The Lord told the apostles to get into the only boat and sail across the Sea of Galilee, while He went into a mountain to pray. When they ran into a storm, He walked across the waves to help them, and they made it safely across (6:15-21). The people left behind knew the apostles left without Him, so when they couldn’t find Him, wondered: “How’d He do that?” (v.22). Since some other boats arrived mean-time (v.23), they took these boats across the sea looking for the Lord (v.24), and asked Him when He had arrived (v.25)
The people didn’t seek Him when they saw “the miracles” (plural), i.e., the miracles of healing (v.1,2). You can live with a lame leg. But you can’t live without food, so when He made bread, they sought to make Him king (6:15).
Since “meat” is food of any kind, the Lord was telling them not to labor for the kind of meat He’d just made (6:27). The meat that endures to everlasting life is a reference to He Himself (cf. 6:55). Normally when you see the word “endureth” (v.27), it is referring to how Trib saints will have to endure to the end of the Tribulation to be saved (Mt.24:13). That’s true, but that’s not what saves them. His endurance saves them (cf.Heb.12:1-3). It’s like how today we have to believe, but our believing doesn’t save us.
If the meat that endureth represents Christ, what’s the meat that perishes represent? Religion! Speaking of the “meat” of Colossians 2:16 (the meat of religion) Paul says it will “perish” with the using (v.22). Buying the stuff that religious hucksters sell is paying for that which is not bread (Isa.55:1,2). You can’t pay for eternal life!
Did you notice they have to “labour” for the “meat” of Christ? (John 6:27). Hebrews get the same rest in Christ we get (Heb.4:1), but they have to “labour” to enter that rest (v.16). But notice Christ says He’ll “give” this meat (John 6:27). Hebrews had to work to be saved, but their works didn’t save them. Salvation was still a gift.
God “sealed” Christ (6:27) at His baptism, when the Spirit
descended on Him, similar to how we are sealed with the Spirit (Eph. 1:13). The difference is, today the believer is sealed. Under the kingdom program, Christ was sealed, and the Hebrews had to abide in Him to be saved (John 15).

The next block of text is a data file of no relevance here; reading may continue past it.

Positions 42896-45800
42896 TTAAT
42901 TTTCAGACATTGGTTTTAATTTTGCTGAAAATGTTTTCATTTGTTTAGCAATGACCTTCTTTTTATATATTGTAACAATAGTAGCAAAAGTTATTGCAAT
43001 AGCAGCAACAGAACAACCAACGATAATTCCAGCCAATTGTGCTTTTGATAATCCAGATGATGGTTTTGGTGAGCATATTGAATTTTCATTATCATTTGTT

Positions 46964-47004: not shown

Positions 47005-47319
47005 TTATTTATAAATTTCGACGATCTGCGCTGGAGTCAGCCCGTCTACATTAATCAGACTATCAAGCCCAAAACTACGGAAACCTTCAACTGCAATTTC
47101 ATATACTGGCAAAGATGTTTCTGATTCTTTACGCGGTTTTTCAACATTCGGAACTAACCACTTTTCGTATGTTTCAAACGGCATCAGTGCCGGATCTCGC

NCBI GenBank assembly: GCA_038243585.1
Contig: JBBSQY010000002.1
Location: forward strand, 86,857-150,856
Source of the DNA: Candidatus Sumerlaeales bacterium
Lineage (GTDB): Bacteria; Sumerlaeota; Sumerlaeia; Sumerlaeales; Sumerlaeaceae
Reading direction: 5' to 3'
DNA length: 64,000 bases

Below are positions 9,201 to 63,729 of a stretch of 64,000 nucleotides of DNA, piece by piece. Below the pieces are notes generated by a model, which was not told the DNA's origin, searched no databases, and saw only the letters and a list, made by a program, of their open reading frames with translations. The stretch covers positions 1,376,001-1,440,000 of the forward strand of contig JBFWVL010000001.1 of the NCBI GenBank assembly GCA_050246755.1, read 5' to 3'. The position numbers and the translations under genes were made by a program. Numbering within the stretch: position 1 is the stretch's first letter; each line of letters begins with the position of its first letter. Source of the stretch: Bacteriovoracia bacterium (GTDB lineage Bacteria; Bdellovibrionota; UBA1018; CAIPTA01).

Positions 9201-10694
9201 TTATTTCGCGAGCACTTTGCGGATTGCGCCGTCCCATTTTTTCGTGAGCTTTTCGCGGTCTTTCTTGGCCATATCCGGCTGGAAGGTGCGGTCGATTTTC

Since the Lord had just told them they had to “labour,” they asked what “work” (6:28) they had to do (same Greek word). Notice the Lord doesn’t reply that all they had to do was believe (v.29). If you had asked Him, He would have told you that you still had to be circumcised, baptized, and keep the feasts and bring sacrifices to be saved.
If just anyone asked for a sign (6:30), it wouldn’t be too bad, since Jews require a sign (ICor.1:22). But these peop-le just ate the loaves He multiplied! And they lived in Cap-ernaum, where the Lord did many works (Mt.11:20-24).
They know the Lord is thinking He doesn’t have to show them a sign since He just fed the multitudes with bread, so they start talking about how Moses also fed multitudes with bread (John 6:31). They were saying, “We expect our Messiah to be greater than Moses, and he fed millions of people for forty years. You’ll have to give a better sign!”
The Lord pointed out that Moses didn’t feed them, God did (v.32). Then He called Himself “the true bread.” The earthly tabernacle was a figure or symbol of the true (Heb. 8:1,2), and the manna was a figure of the true bread, Christ.
Just as the manna gave the Jews physical life, Christ gives believers eternal life (John 6:33). And not just to Jews! John has a “world” outlook. Matthew, Mark and Luke focus on the Jews, for the Jews were to be saved first. But then they were to reach the Gentiles, which is why John follows Matthew, Mark and Luke, to symbolize this.
When they asked for this eternal life bread “evermore” (v.34), it shows they missed the symbolism. They thought He was saying the bread He multiplied would give eternal life, so they asked for more. Once you convince religious people salvation is a gift, they then think it is a gift God has to keep giving, and they have to keep on receiving. Not so!